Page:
'Igloo-Like Habitats' On Moon: Indian Space Agency ISRO's New Mission

ISRO's structures on the Moon could be dome-shaped like an igloo to give maximum protection to inhabitants in the vacuum environment

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'Igloo-Like Habitats' On Moon: Indian Space Agency ISRO's New Mission

ISRO Moon mission: Indian Space Research Organisation will try to build igloo-like shelters


New Delhi:  India's space agency ISRO is researching on building structures on the Moon where astronauts can stay safely, the government said today.

The structures on the Moon could be dome-shaped like an igloo to give maximum protection to inhabitants in the vacuum environment, where the temperature could swing between extremes.

"The ISRO, along with academic institutions, is doing experimentation on potential structures for lunar habitation," Minister of State in the Prime Minister's Office (PMO) Jitendra Singh told the Lok Sabha in a written reply.

The PMO looks after the Department of Space.

The Indian Space Research Organisation (ISRO) launched the Chandrayaan-1 spacecraft to the Moon in 2008. It was India's first unmanned mission to the Moon. The Chandrayaan-1, which cost $79 million, was assigned a two-year mission, but ISRO scientists had lost contact with the spacecraft.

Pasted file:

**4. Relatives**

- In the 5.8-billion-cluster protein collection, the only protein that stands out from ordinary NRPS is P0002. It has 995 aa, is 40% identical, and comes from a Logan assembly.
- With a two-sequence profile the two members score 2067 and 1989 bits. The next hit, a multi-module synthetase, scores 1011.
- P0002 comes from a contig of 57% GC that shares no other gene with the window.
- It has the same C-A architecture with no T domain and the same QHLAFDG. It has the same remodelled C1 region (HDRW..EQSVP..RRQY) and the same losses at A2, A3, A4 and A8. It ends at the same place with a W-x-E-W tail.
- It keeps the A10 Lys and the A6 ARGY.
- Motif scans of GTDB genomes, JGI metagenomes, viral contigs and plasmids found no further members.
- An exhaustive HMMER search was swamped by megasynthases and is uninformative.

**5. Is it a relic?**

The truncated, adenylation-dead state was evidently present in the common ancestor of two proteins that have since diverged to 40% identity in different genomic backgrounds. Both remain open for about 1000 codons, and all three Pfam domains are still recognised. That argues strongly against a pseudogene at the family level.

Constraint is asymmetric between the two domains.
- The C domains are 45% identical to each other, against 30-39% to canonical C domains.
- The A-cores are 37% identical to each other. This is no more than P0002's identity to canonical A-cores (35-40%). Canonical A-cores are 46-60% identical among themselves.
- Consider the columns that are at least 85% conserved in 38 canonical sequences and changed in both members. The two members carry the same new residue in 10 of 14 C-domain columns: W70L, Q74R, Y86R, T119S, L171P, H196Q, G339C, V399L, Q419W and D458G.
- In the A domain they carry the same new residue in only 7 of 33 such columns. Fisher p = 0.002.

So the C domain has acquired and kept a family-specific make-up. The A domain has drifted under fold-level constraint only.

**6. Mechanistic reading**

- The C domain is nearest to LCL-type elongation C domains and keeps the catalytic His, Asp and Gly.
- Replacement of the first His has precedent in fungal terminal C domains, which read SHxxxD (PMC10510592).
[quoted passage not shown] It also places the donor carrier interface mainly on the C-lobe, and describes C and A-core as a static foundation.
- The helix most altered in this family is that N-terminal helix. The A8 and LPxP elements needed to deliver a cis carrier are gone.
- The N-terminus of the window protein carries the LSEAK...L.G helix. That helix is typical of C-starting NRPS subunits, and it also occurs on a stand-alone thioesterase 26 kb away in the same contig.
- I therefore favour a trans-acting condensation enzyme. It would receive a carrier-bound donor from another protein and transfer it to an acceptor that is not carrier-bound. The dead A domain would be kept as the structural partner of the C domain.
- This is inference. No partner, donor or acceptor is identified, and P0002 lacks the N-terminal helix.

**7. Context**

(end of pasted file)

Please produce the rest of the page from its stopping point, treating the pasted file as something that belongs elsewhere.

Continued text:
In March 2017, scientists at the US government's National Aeronautics and Space Administration (NASA) successfully located the spacecraft still circling some 200 kilometres above the lunar surface.
 
chandrayaan 1

ISRO's Chandrayaan-1 was launched in 2008. It was considered lost till NASA scientists found it (File)

"Various options are being studied about the requirements and complexities of habitats. The study is more towards futuristic developments," Jitendra Singh said.

In the follow-up mission, Chandrayaan-2, ISRO will try to place a high-tech rover on the unexplored south pole of the moon to collect samples and analyse data on Earth's only natural satellite.

ISRO on its website says Chandrayaan-2 will carry an orbiter, a lander and a rover. "After reaching the 100 km lunar orbit, the Lander housing the Rover will separate from the Orbiter. After a controlled descent, the Lander will soft land on the lunar surface at a specified site and deploy a Rover," ISRO says.

ISRO's research on setting up habitable structures on the lunar soil will help in future missions when India decides to send astronauts on the Moon.

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